FPGA-based prototyping firms are all grappling with the problem of higher speed connectivity between a development host and their hardware. Aldec is announcing their solution at DVCon 2016, turning to an AMBA AXI4 interface bridged into a host with PCIe x8.
Faster host interfaces deliver dual benefits in FPGA-based prototyping. First is the FPGA configuration itself – to program a huge Xilinx FPGA (or more than one) means shipping a large file from the host down to the prototyping hardware. Second is at run time, where co-simulation runs on the host using transactors to control hardware execution in FPGAs. This hybrid solution allows users to run familiar visualization tools at much greater speeds than possible with host-based simulation alone, enabling more extensive verification testing.
What bus should be used to do that? In the not-too-distant past, people were turning to proprietary interfaces to the FPGA-based prototyping system, but those days are over. PCIe is ubiquitous in modern PC platforms and offers plenty of throughput in wider link widths. PCIe IP now widely available in FPGA form thanks to efforts from Xilinx, PLDA, CAST, and others. In some cases, where the SoC design is intended to run on PCIe, that interface might be carried through directly into the FPGAs on the prototyping platform.
A broader range of SoC designs does not contain PCIe at all. Most IP for ASICs today uses the AMBA AXI interconnect, not only for ARM cores but for other core architectures and peripherals. For those reasons much of the FPGA world has also turned to AXI. Xilinx has put extensive efforts into AXI4, taking advantage of its higher performance streaming and memory mapping capability. One IP protocol in the FPGA-based prototyping platform eases the learning curve, makes integration much easier, and offers the throughput and control features necessary for interaction with the host-based simulation package.
When Aldec said they used a non-proprietary backplane connector on their HES7XV4000BP, they meant it. Each of these edge connector slot cards carries one Xilinx Kintex-7 FPGA in a pre-defined configuration for host interfacing, and two Xilinx Virtex-7 FPGAs in user-defined configurations for the design under test. We haven’t seen the actual demo that Aldec will be showing at DVCon, but we have seen the documentation for the HES7ProtoAXI solution.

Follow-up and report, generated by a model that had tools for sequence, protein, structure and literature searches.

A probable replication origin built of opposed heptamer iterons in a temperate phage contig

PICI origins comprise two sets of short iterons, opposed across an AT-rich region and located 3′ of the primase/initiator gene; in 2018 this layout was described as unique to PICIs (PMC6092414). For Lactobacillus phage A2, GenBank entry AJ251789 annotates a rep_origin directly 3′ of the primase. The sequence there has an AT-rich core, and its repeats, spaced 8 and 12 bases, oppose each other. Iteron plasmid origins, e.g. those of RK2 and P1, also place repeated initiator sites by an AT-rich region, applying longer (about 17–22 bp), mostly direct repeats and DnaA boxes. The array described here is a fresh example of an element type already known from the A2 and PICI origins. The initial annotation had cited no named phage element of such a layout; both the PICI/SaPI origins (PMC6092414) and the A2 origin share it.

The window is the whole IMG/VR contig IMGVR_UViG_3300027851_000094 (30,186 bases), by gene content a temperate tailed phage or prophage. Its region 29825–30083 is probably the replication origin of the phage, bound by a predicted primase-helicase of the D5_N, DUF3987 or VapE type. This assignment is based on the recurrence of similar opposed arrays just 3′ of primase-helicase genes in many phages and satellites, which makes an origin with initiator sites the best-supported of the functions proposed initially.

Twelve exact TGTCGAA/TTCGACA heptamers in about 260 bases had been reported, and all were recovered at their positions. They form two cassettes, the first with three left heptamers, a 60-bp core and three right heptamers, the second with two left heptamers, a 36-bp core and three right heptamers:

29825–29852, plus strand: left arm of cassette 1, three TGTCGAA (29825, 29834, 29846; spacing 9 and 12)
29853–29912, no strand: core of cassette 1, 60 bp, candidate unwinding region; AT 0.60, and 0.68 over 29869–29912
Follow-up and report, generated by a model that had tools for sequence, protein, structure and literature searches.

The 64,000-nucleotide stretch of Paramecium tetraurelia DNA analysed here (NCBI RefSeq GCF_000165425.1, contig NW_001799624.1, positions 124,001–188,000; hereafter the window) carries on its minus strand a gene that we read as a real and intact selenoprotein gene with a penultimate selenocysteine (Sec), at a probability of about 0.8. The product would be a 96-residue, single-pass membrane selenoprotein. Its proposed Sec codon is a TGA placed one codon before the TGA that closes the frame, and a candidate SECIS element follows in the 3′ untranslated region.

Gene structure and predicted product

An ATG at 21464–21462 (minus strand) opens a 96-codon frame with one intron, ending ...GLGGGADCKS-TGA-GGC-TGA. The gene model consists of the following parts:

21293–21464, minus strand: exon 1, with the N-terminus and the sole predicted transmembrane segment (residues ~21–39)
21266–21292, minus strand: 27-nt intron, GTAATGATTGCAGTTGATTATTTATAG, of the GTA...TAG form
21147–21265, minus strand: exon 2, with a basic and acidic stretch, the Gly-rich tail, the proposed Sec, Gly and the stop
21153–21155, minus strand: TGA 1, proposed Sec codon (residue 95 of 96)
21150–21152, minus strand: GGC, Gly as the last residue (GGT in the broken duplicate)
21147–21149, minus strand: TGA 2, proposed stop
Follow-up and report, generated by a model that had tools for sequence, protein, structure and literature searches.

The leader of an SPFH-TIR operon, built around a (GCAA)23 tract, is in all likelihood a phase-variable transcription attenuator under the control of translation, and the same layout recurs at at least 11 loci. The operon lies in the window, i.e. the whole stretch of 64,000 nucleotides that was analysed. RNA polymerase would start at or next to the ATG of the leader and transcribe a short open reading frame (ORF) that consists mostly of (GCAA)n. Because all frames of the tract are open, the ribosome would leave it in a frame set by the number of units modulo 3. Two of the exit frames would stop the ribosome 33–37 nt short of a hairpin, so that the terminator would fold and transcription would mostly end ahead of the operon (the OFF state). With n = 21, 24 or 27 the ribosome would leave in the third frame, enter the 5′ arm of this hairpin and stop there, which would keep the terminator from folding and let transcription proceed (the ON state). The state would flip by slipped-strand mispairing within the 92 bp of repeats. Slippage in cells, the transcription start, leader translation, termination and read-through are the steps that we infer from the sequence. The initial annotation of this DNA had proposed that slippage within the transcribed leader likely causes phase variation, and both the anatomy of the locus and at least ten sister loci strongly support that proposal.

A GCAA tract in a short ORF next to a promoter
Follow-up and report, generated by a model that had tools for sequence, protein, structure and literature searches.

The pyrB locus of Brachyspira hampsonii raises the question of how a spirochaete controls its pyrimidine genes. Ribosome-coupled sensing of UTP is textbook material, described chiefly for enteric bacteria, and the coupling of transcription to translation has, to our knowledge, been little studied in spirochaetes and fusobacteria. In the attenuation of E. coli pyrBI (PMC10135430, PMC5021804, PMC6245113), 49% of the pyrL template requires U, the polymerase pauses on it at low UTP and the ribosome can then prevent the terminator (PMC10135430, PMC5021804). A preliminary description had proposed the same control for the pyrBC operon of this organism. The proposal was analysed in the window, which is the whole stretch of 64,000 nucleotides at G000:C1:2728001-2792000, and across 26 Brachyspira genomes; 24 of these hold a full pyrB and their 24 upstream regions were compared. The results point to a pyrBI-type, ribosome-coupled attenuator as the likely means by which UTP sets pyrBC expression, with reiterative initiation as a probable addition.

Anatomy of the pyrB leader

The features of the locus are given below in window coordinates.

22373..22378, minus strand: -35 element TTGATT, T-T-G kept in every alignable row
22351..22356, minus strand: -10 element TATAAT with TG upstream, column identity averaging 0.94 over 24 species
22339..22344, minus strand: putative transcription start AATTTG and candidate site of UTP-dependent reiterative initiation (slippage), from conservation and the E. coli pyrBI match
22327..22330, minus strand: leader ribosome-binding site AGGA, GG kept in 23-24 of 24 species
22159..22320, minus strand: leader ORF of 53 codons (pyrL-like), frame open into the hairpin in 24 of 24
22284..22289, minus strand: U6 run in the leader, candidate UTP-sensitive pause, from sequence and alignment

Without changing the hardware – after all, it is three FPGAs and can be reprogrammed – Aldec is launching a new software lob they refer to as HES7.ASIC.Proto2016.01 to create standard interfacing. The host interface to the Kintex-7 FPGA is now PCIe x8 (on that non-proprietary connector), offering transfer rates of 2GB/s into the card. Interfacing from the Kintex-7 to the two Virtex-7 FPGAs, and the connection between those two parts, is now AXI4.
It’s fast in terms of hardware bandwidth. The AXI4 connections into the DUT logic are 256 bits wide running at 125 MHz. Aldec has also taken care of all the address remapping for transactions, using that DDR3 memory DIMM on the board. The rest is business as usual – there is a C++ API that the testbench on the host uses to create read and write transactions, now in theory running much faster over the PCIe x8 and AXI4 interfaces.
I expect Aldec will show just how much faster this is for co-simulation in their demonstration. If you’re at DVCon at the DoubleTree in San Jose next week, drop by the Aldec booth #602 and see this solution. For more on the concept including the Getting Started guide (one-time registration for download), visit the Aldec site: